those arrested, say the action of the
police is an outrage and somebody will
be made to suffer for It.
Old Manuscripts Found ln Egyptian
Rubbish Heaps
I LONDON, May 30.—A great find of
ancient papyri in Egypt has been made
by Grenfell and Hunt, who are working
in behalf of the Egyptian exploration
fund. At Behnesa many ancient rub
bish mounds yielded rich stores.
Among the papyri is a leaf from a
third century papyrus book, containing
a collection of the sayings of Christ.
Some of the saying are not in the Gos
pels, and others exhibit divergences
from the text of the Gospels.
One hundred and fifty rolls, In many
cases several feet long, have been re
tained at the Glzeh museum and the
rest are on the way to England. Be
sides the papyri a number of coins, 200
inscribed tiles, bronze and Ivory orna
ments and other objects of the Roman
and Byzantine periods have been re
covered.
CAMBRIDGE, Mass., May 30.—1t was
discovered this morning that the John
Harvard statue, located in the delta
of Memorial hall, ln the college yard at
Harvard university had been besmeared
with red paint during the night, proba
bly by students ln celebration of Har
vard's victory over Prinoetown yester
day. The paint was daubed ln patches,
chiefly on the base of the granite found
ation, and steps were promptly taken
to remove It. This Is the second time
within five years that the statue has
been similarly treated;
The Students' Conference
PACIFIC GROVE, May 30—The last
day of the Paciflc coast students' con
ference began its session with a Joint
meeting of the heads of committees and
departments of the work which was
held in executive session. At 10 a. m.,
a platform was given to the delegates
by Rev. Dr. McClean of San Francisco,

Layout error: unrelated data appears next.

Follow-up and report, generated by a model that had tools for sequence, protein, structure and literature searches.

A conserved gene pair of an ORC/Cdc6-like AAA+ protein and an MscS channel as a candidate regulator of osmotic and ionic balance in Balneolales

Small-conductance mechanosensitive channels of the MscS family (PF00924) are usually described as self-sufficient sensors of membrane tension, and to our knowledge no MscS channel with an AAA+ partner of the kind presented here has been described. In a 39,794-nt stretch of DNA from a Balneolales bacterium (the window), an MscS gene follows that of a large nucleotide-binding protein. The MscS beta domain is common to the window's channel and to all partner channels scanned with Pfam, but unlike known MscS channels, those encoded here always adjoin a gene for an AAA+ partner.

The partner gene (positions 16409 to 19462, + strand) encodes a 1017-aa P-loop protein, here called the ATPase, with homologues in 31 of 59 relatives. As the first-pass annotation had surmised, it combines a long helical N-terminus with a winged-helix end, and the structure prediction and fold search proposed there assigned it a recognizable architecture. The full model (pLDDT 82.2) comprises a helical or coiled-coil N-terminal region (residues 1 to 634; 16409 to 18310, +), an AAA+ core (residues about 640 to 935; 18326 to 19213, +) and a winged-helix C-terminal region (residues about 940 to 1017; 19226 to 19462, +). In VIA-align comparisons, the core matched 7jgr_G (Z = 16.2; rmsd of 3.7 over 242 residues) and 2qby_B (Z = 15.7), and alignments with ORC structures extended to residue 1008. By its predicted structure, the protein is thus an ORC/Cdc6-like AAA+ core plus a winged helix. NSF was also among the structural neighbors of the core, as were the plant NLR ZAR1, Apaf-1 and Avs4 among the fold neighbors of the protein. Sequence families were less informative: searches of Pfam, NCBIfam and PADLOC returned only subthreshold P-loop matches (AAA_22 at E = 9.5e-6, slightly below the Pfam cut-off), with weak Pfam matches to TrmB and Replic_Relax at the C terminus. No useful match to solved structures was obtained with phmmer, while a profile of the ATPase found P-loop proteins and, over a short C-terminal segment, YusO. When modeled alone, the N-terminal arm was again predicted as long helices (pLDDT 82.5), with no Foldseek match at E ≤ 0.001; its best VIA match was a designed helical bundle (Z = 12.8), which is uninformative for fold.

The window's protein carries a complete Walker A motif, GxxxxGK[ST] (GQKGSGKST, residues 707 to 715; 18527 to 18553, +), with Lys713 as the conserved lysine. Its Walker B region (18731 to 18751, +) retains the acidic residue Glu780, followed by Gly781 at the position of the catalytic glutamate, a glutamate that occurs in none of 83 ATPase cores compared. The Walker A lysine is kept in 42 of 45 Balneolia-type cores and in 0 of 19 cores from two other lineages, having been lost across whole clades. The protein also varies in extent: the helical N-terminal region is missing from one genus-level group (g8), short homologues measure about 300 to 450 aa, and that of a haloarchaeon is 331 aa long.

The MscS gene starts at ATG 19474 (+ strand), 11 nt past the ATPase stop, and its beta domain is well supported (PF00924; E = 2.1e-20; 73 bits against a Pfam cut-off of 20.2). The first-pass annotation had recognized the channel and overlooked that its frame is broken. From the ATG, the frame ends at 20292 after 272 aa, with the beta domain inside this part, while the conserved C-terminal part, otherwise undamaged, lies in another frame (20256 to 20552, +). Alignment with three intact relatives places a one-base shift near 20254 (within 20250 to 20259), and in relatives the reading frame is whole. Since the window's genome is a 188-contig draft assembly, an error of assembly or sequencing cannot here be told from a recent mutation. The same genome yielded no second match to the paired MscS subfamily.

and final conferences were held behind
closed doors. This ended the morning
session.
WEST POINT, N. V., May 30.—Many
distinguished officers of the United
States army and other invited guests
have arrived to attend the dedication
ceremonies of the battle monument to
mororw. Among the number are Sec
retary Alger of Washington, Adjutant-
General Ruggles, Brigadier-General
John M. Wilson and General George S.
Greene, the eldest living graduate of the
Military academy.
NASHILLE. Ten., May 30.—Yesterday
ln the criminal court at Lebanon, in the
case of the State vs. W. Hall, the jury
found him guilty of unlawfully receiv
ing deposits, and fixed sentence
at five years ln the penitentiary.
The casst will be appealed. Hall was the
cashier for the bank at Watertown,
which failed about a year ago.
CHRISTIANIA, May 30.—The town of
Namsos, province of North Trendhjem
near the mouth of the Namsen river, on
the Namsen Fjord, west coast of Nor
way, has been entirely destroyed by
fire. The flames, fanned by a fierce
wind, spread so rapidly that the 1800
inhabitants were unable to save even
their furniture. . j
GOLD MINERS
ANCIENT PAPYRI
Cheap and Nasty
Committee meeting's
A Battle Monument
Hall's Sentence
A Whole Town Burned
DURRANT
WILL HANG
For the Murder of Blanche
Lamont
THE GOVERNOR HAS DECIDED
HALE IS ORDERED TO SET THE
DEATH WATCH
Durrant Declares He Will Die Game
and Will Invite His Mother
to Attend
Associated Press Special Wire.
SACRAMENTO, May 30.—Theodore
Durrant will hang on Jane Uth, one
week from next Friday.
Governor Budd this evening tele
phoned that much in effect to Warder.
Hale of San Quentln, at the same time
ordering the death watch placed upon
the prisoner.
Immediately after telephoning this
message to Warden Hale, the govern
or was driven in a closed hack back to
the depot, where he took the train for